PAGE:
Two of the genre’s most proficient directors are Hideo Nakata and Takashi Miike. Nakata’s Ringu (The Ring, 1998), which was remade by Gore Verbinski in the United States in 2002 under the same title, dealt with a videotape that curses all who watch it with death within a week. The film was so successful that it spawned an immediate sequel, Ringu 2 (The Ring 2, 1999). Nakata went on to create the equally effective supernatural thriller Honogurai mizu no soko kara (Dark Water, 2002), remade in the United States by Walter Salles in 2005 with the same title, in which a young woman and her daughter move into an apartment in which it always seems to be raining. Takashi Miike’s Ôdishon (Audition, 1999) is an even more disturbing film, in which a young woman, seemingly shy and modest, is actually a serial killer who mutilates her male victims purely for pleasure. Takashi Shimizu’s Ju-on: The Grudge (2003) has gone through several remakes in Japan and an American version directed by Shimizu himself in 2004; the film centers on a cursed house that drives its inhabitants insane with a series of bizarre hallucinations. All these films depend on mood, lighting, and a leisurely construction to achieve their unsettling effect; as the many remakes attest, the genre has given new life to the horror film.
Kinji Fukasaku’s filmmaking career began in the mid-1960s. Most of his early films were violent yakuza gangster dramas, science fiction films, and Samurai action dramas, but in his final years he created the controversial and very violent Batoru rowaiaru (Battle Royale, 2000) and Batoru rowaiaru II: Chinkonka (Battle Royale II, 2003), both based on a best-selling novel by Koushun Takami. Battle Royale depicts a near-future Japan in which high school students have become violent and unmanageable. The government then starts a program that abducts one group of high school students each year and puts them on an island. There they are forced to systematically kill each other one by one, until one lone victor emerges. The entire event is televised and becomes a national craze. Causing a firestorm of government protest in Japan, the film was a runaway success. Fukasaku began shooting the sequel but died before he could complete it; his son, Kenta, who wrote the screenplays for both movies, took over. Quentin Tarantino was so impressed with Battle Royale, and Fukasaku’s career as a whole, that he dedicated Kill Bill: Vol. I (2003) to Fukasaku’s memory.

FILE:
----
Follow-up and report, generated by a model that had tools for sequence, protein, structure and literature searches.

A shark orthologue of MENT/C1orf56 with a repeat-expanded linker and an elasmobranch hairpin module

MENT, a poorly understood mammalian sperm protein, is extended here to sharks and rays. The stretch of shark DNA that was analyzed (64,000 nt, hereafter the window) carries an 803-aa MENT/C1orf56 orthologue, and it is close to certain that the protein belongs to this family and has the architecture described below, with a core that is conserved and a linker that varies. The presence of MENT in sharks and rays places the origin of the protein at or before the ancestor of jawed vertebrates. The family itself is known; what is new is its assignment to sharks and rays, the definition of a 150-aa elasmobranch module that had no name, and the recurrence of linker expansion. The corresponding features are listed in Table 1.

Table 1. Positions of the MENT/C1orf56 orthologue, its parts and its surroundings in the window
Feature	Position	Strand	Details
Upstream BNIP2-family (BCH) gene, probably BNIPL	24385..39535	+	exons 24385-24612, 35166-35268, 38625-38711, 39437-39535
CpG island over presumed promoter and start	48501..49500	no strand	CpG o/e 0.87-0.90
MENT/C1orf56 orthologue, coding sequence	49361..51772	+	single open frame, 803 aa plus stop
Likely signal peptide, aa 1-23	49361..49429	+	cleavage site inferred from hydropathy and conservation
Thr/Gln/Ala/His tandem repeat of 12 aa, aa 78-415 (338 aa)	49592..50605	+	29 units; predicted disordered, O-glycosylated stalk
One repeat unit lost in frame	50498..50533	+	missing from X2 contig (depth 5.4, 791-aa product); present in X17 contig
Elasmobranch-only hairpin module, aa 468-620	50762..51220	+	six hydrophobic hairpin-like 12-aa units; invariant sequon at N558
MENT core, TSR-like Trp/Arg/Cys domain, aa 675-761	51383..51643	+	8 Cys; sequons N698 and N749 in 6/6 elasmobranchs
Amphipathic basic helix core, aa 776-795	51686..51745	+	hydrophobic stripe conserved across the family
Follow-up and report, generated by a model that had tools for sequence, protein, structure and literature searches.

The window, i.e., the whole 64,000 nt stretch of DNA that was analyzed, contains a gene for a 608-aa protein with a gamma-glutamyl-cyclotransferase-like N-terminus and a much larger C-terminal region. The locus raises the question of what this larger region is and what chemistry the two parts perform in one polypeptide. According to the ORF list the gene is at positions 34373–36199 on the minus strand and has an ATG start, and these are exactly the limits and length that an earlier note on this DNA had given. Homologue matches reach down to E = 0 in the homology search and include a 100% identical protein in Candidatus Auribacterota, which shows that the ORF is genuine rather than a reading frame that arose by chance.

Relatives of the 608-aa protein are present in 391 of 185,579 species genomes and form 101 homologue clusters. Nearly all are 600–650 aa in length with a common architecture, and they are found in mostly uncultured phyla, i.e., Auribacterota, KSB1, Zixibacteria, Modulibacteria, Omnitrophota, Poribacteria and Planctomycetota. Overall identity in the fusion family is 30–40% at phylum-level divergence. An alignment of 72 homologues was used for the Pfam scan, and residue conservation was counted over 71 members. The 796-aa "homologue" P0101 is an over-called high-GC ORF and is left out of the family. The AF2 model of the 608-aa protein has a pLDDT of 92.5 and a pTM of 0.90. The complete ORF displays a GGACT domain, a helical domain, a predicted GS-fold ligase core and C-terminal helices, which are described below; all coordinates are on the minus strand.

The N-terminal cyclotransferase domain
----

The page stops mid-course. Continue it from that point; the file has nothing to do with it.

“Beat” Takeshi Kitano’s violent gangster films also rapidly developed a cult following. Moody and introspective, Kitano’s films intersperse long sections of psychological tension with acts of utter brutality. Kitano began his career as a comedian, then as an omnipresent television host, and finally agreed to star in a feature film, Sono otoko, kyôbô ni tsuki (Violent Cop, 1989), which Kinji Fukasaku was slated to direct. Fukasaku bowed out at the last minute and Kitano took over, creating a film that set the bar still higher for violence. In the film’s opening scene, a gang of juvenile delinquents beats up an elderly man, but Kitano’s character, Detective Azuma, does nothing to prevent the crime. Later, however, Azuma tracks one of the young boys to his home and beats him up, as if to exact some retribution. Subsequent films consolidated his reputation as a sort of ultra-violent Jackie Chan, who mixed everyday tedium with outbursts of violence and bizarre comedy, seemingly schooled more in the ethos of comedy than in the yakuza genre, though his brutal movies often have crime at their forefront.